Our evening was every eventful. We decided on a Jazz bar and went in to mostly empty bar with recorded music. Eventually, live music started. I talked to a number of students and finally decided to start talking to the Hong Kong professor whom was brave enough to join us. As we were talking, I head a champing cork pop. I got up, turned around, and saw the guitar player on stage and a audience member starting to fight. I looked at these two guys (who weren’t even punching each other) and walked over to breakup the fight. I (and perhaps my mild alcohol consumption) decided I could probably take both of these guys, so I wasn’t too concerned about intervening. Staff at the bar separated the two before I got too close. I suddenly realized that everyone else from IU and Hong Know was along the bar wall, away from the scuffle. I decided it was wise to join them. Apparently, an audience member wanted to share his beer with the band. The sax player backed away but the guitar player took offense at the intrusion onto stage. The campaign bottle opening was the audience member starting to shake and spray his beer just before the music immediately stopped and the “slapping” began. The Hong Kong group decided to leave the bar so we walked outside. A waitress followed is quickly and I saw her showing a check and knew that she was asking for money. I instinctively reached for my wallet but I very quickly realized that a negotiation process had begun. I very quickly walked away, realizing that an American face would hamper their negotiation capabilities. Garrett realized this situation at least as quickly as I did. He and I stood ten feet away and laughed as we watched Doug trying to follow the situation while his right hand was on his back hip pocket, ready to pay. About a minute later, he realized what Garrett and I had quickly figured out: our presence was not needed. The negotiation paid off because we didn’t have to pay for our drinks.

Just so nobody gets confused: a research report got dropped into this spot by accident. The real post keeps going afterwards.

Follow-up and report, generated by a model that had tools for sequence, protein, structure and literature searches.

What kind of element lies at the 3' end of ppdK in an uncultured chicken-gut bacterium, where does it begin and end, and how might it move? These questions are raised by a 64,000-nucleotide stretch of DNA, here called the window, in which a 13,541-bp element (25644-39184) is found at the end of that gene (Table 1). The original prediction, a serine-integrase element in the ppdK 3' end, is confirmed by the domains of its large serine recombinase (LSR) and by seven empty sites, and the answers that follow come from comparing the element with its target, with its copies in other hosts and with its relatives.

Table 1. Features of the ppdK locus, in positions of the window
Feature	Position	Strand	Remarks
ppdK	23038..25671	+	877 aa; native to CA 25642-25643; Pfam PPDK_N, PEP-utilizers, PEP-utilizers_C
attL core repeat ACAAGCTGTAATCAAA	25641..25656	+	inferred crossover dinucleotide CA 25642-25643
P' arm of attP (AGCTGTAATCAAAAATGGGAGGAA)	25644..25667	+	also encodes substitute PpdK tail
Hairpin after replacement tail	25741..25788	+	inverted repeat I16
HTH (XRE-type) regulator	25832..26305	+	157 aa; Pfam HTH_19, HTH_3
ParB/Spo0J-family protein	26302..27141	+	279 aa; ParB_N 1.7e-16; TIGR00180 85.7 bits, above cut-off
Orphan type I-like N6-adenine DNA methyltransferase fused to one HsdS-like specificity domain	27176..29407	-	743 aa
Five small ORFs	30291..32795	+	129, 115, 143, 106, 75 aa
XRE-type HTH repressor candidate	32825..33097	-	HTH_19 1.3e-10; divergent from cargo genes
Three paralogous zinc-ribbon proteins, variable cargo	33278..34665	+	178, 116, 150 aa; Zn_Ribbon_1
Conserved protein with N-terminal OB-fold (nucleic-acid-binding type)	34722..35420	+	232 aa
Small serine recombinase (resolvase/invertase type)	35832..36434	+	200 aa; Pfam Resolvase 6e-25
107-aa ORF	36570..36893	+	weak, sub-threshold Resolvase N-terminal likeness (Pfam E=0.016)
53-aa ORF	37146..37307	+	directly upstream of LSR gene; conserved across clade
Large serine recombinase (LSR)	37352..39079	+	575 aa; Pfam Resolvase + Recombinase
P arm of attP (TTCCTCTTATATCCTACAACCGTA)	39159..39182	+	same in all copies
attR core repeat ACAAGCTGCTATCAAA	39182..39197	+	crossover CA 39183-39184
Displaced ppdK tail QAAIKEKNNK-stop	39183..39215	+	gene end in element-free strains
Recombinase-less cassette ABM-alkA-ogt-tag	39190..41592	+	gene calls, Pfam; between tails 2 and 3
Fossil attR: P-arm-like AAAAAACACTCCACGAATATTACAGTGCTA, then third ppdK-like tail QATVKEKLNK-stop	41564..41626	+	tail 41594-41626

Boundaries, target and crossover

We then went to a second bar across the street. We were all ushered up to the third floor where a live performance was about to begin. There was a general invitation by the singer and Doug was quickly on the stage performing Hotel California. Since it was all American songs in English being performed, it was much more accommodating to my tastes than the banquet the previous night. The very loud singing somewhat hampered conversation but many discussions still took place (however, my ears are still ringing). All three of the Americans were invited on stage by the lead singer to perform YMCA. I at least knew 4 words of this song: Y M C A. I also knew the motions. What more do you need with a great accompanist? (I guess I did know two other words to the song: young man, which I used appropriately). Upon returning to the table, this sparked a discussion about homosexuals in China. Yes, in exception of some theories, they do exist. The American treo was asked back for another song: Bohemian Rhapsody by Queen. Finally, a song I knew the word to! My friends Kevin, Nathan, and I used to sing this song in the car after the movie Wayne’s World was released. The lead singer wanted an operatic presentation as I feel somewhat confident that I acceptably provided the bass. This was the most significant reaction from the crowd of the night; the Russian quadrant of females had cigarette lighter burning in our honor! We were asked to stay on stage for yet another song by Queen: We are the Champions. I faked knowledge of the song somewhat well.
My performance must have been very strong. The lead singer stated that the quadrant of Russian women was returning home tomorrow. A slow song started and a 40+ year old Russian woman approached me for a dance. Due to cheering of the group, I accepted the dance. Although no one else saw, she was more aggressive than was appropriate. A while later she brushed by me as she went outside but I begged the Hong Kong ladies to save me. They were not accommodating and instead said they would auction me off the Russians. No one should doubt the entrepreneurial goals of the Chinese. Luckily, it was all in jest and we soon thereafter departed the bar and headed back to the hotel (without being followed).